He is seen as a “paper tiger” who threatens and insults without scaring anyone or achieving any of his objectives (in China, Venezuela, Iran, North Korea, Turkey, Afghanistan, the Middle East, etc.). Yet, only days after receiving a flood of reproach for withdrawing U.S. troops from Syria and leaving their Kurdish allies in the hands of that implacable Turk, Recep Tayyip Erdogan, President Donald Trump has just pulled off an extraordinary victory: the U.S. military — which he officially commands — located and eliminated Abu Bakr al-Baghdadi, the monstrous leader of the self-proclaimed Islamic State group, with its appalling, bloody trail.
It is a success that Europe recognizes and regrets being unable to share the credit for, but that the U.S. press, which is mostly sympathetic to the Democratic Party and therefore adversarial, is trying to minimize. That is undoubtedly a great injustice because, had it failed, Trump would have borne 100% of the blame. An allusive cartoon in an Israeli newspaper shows a man consoling a sobbing woman and asking her, “Why are you crying? Al-Baghdadi was a terrorist, a murderer. He was in favor of slavery and trafficked women and children. Why are you crying over his death?” She answers, “Because it makes Trump look good!” Such is the absurdity of fanatical politics.
But Trump doesn’t pay attention to his enemies. What seems to dictate all of his actions is his determination to take advantage of the moment for his electoral goals. True to his tactic of always antagonizing the people against the elite, he pitched his “show” with a tweet, alerting the public to anticipate the official announcement of important news, creating suspense. Later, he made the announcement in his own style, with a bounty of details about the operation and in violent, insulting language that was difficult for civilized Westerners to swallow in a discussion about someone’s death, however evil the person was. Trump characterized al-Baghdadi as a coward and loser, saying he died “like a dog;” and the president was criticized for the remarks. However, the (left leaning) French newspaper, Liberation, published the story on the front page with the headline: “Le Sherif flingue le Caliphe,” which, in Spanish would be “El Sherif mata (o más bien destortilla o pulveriza) al Califa” and in English “Sheriff Kills the Caliph (or more accurately, crushes or hammers). French media unanimously agreed with the headline, considering that it indicated Trump, as well as al-Baghdadi, and their respective followers are more or less extremists, obviously, who communicate in radical terms and understand each other.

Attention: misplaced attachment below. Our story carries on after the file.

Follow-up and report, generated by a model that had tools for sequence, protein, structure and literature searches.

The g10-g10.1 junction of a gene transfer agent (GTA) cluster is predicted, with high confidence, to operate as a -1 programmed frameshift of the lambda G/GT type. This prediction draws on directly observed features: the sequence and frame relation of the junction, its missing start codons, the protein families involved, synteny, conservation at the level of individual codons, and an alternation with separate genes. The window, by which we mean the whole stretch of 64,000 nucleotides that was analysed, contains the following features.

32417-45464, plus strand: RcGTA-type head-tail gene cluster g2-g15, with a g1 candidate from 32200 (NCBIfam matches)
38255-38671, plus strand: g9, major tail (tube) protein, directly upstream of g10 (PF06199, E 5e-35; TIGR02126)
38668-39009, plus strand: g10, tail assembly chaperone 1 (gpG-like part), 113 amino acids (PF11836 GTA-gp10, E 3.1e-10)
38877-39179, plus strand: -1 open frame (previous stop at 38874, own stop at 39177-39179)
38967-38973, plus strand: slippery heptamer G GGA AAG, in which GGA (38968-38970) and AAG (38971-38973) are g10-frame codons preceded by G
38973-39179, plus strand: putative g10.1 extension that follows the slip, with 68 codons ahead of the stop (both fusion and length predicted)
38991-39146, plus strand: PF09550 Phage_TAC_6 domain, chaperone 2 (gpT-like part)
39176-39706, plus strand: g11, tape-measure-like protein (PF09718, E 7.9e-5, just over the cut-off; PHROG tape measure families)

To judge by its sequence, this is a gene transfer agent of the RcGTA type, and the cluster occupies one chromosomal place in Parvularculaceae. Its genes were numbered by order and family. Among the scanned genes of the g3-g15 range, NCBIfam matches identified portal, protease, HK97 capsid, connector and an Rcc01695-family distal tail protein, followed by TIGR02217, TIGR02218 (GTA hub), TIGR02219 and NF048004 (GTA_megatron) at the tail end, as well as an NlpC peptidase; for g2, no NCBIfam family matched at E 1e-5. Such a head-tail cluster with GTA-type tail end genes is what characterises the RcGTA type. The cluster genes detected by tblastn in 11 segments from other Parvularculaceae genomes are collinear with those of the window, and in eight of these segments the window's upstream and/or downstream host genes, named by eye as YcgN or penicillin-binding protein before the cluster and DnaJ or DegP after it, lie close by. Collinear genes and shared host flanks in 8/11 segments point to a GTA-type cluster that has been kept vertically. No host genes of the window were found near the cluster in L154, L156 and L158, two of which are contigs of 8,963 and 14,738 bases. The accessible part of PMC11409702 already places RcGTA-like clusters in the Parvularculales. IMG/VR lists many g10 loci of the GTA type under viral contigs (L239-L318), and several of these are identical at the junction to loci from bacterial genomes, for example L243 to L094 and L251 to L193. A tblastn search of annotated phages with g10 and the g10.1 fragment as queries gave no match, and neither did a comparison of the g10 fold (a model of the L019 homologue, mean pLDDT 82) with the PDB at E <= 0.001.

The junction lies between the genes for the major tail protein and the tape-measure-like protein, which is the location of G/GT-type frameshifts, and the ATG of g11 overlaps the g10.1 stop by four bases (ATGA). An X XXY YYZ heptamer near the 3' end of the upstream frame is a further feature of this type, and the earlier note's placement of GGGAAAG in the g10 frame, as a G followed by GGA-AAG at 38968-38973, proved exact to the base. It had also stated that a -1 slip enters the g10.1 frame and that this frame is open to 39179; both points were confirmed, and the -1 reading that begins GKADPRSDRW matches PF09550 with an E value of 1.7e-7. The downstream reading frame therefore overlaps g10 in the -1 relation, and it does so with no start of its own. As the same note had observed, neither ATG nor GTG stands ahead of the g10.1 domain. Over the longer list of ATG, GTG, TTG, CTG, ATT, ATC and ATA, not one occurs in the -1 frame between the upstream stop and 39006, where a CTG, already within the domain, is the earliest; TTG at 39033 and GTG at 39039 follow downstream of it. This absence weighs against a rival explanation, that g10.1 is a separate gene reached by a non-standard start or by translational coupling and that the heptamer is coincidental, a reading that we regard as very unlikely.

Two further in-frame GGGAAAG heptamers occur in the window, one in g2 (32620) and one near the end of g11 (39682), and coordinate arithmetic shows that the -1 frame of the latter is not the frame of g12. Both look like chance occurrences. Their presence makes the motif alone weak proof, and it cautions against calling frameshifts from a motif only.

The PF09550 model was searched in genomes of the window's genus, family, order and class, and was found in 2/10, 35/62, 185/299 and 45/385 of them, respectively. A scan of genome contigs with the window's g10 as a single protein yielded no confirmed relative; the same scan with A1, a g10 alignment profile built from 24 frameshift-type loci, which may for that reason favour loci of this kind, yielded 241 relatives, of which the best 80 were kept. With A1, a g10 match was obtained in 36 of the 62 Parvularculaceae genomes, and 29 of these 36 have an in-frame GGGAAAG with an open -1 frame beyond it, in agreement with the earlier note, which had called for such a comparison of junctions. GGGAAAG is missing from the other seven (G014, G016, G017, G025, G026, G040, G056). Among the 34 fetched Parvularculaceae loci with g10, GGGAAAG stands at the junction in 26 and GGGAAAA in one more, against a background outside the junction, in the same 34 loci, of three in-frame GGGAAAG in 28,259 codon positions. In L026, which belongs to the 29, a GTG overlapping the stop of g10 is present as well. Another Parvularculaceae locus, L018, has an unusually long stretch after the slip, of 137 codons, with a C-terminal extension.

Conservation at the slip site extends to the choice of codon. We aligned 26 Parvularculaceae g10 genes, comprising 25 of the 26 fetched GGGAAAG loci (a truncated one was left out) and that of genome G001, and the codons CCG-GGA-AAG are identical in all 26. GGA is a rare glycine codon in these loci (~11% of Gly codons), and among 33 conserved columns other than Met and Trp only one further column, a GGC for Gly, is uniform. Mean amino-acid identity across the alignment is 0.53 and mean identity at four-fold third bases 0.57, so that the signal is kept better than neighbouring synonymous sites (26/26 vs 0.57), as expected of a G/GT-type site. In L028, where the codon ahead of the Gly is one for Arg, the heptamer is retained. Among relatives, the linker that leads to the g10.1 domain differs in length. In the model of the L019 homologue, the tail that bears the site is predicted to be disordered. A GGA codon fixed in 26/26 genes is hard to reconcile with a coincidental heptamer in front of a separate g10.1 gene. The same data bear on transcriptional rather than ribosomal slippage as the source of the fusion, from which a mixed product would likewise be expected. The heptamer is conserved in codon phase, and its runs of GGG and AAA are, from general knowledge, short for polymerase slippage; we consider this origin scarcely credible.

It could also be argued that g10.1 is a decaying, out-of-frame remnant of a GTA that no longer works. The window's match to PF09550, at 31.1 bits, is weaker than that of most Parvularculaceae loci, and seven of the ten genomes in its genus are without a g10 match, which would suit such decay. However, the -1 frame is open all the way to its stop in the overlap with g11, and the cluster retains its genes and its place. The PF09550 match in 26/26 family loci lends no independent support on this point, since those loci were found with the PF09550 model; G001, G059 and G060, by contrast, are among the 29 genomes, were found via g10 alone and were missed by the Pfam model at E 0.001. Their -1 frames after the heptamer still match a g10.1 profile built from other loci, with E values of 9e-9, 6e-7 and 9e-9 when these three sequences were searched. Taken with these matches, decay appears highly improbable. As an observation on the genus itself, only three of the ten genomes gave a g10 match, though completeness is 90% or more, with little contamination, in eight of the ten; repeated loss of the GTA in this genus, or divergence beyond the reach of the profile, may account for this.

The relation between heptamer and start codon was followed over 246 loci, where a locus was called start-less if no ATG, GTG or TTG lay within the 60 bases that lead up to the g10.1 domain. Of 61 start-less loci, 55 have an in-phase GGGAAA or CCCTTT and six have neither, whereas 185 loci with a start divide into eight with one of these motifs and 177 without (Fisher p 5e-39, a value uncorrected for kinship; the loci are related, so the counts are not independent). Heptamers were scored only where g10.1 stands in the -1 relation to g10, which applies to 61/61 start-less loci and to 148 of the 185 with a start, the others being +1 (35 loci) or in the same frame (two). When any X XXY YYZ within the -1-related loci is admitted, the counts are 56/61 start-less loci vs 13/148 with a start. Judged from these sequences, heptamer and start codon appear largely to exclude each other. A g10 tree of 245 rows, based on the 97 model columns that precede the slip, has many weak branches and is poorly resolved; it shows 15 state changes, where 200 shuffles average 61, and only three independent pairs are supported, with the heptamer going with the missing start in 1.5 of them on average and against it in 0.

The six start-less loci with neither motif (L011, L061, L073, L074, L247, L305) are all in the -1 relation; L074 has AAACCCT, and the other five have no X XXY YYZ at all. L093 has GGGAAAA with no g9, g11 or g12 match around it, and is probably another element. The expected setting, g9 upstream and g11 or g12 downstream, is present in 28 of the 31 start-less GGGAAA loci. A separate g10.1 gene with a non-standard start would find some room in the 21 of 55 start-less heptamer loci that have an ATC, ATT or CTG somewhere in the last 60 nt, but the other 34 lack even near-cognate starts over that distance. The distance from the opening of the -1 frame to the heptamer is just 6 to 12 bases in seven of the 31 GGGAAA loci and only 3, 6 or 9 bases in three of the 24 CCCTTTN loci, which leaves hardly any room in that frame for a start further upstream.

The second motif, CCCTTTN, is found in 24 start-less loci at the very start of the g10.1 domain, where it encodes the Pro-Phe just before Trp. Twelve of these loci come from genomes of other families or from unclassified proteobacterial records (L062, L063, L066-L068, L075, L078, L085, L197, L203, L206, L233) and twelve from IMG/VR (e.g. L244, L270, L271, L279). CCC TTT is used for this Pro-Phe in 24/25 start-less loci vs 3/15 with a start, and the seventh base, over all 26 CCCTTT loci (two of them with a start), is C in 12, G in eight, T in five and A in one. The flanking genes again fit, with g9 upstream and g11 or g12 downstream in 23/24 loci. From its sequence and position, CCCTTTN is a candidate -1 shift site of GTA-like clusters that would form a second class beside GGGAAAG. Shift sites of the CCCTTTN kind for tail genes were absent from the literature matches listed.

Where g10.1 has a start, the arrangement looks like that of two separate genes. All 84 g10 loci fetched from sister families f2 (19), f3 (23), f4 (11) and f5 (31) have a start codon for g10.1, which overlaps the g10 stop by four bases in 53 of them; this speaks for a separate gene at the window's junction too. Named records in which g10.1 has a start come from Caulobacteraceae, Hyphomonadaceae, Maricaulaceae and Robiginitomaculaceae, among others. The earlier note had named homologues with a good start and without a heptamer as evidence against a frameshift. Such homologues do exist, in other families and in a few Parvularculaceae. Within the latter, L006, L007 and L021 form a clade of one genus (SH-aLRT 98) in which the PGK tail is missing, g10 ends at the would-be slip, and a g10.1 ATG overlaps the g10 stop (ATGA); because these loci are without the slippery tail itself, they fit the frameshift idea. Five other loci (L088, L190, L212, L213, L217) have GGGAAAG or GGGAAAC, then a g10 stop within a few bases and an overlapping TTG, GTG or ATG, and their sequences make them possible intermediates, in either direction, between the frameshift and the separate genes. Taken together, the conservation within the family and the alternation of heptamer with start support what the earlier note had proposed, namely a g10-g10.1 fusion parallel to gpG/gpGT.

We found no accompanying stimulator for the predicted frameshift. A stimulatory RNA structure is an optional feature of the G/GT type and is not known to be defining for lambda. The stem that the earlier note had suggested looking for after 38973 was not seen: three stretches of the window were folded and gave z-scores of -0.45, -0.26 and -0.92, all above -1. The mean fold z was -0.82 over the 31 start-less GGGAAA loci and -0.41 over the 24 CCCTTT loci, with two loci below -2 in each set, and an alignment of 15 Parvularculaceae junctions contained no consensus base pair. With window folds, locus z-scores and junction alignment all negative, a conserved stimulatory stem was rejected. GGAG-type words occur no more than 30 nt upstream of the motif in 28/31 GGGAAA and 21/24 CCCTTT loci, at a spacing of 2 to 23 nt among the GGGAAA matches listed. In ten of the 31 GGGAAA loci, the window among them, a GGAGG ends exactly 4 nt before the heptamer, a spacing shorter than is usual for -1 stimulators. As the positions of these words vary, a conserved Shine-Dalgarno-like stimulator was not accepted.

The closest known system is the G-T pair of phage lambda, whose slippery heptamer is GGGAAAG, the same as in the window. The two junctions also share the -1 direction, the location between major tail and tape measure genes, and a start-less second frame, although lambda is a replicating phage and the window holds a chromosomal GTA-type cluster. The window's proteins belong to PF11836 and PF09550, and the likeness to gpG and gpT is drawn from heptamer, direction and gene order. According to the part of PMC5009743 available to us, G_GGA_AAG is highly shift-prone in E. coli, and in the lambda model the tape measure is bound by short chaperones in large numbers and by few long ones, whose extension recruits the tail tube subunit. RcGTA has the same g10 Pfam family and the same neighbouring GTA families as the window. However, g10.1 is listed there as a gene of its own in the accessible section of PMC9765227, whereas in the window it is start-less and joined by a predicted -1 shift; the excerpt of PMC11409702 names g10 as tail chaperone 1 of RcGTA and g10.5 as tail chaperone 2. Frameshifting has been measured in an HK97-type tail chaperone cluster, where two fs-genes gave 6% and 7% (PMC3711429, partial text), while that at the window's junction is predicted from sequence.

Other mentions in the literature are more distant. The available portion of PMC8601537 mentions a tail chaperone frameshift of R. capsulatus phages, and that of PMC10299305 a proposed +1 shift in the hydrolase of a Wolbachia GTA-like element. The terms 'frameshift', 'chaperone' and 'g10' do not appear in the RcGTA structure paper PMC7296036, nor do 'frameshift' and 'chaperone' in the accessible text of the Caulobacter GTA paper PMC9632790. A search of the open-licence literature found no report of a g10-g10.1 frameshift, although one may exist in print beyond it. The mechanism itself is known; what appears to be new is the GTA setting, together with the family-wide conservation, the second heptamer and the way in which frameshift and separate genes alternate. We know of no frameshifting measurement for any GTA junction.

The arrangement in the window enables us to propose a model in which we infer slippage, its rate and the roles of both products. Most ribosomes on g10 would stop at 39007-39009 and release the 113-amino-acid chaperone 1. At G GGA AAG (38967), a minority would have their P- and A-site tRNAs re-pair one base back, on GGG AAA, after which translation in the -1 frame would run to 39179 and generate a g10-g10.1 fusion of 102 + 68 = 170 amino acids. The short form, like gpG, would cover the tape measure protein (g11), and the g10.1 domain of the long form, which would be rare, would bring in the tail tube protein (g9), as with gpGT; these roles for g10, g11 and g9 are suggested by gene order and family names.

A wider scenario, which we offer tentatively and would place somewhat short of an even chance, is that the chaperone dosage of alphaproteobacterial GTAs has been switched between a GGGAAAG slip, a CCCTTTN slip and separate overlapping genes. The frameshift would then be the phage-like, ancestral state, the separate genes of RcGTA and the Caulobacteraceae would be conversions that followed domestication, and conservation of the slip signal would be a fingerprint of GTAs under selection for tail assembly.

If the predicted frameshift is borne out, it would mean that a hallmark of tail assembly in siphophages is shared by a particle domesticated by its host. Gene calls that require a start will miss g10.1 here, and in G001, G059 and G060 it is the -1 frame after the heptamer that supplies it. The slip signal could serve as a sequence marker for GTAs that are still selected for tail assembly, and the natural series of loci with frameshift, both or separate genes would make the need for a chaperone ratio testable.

Regarding the reference to a dog, in Arab countries dogs are seen as an impure. Calling someone a dog or son of a dog is the ultimate insult. So, Trump did not improvise when announcing al- Baghdadi’s death with insults, but chose his words knowingly, delivering his desired message. However, he later corrected himself, and sought to rehabilitate himself before the U.S. and Western public by characterizing the dog injured in the al-Baghdadi operation as “a beautiful dog.”
Now, the questions arise. The most confusing question concerns why Trump decided to withdraw U.S. troops from Syria while preparing for al-Baghdadi’s capture. Was this a plan to fool the terrorist and make him believe that the Americans were leaving the region and had forgotten him? Or, on the contrary, was the withdrawal a way of pushing and advancing the operation so that Americans could succeed before leaving, and count on help from the Russians, Turks, Kurds and Syrians who provided the necessary information and whom Trump publicly thanked? Time will tell.
Finally, we must ask ourselves if the world is safer after the demise of al-Baghdadi, as Trump assures us. Again, time will tell. But, there is room for doubt.
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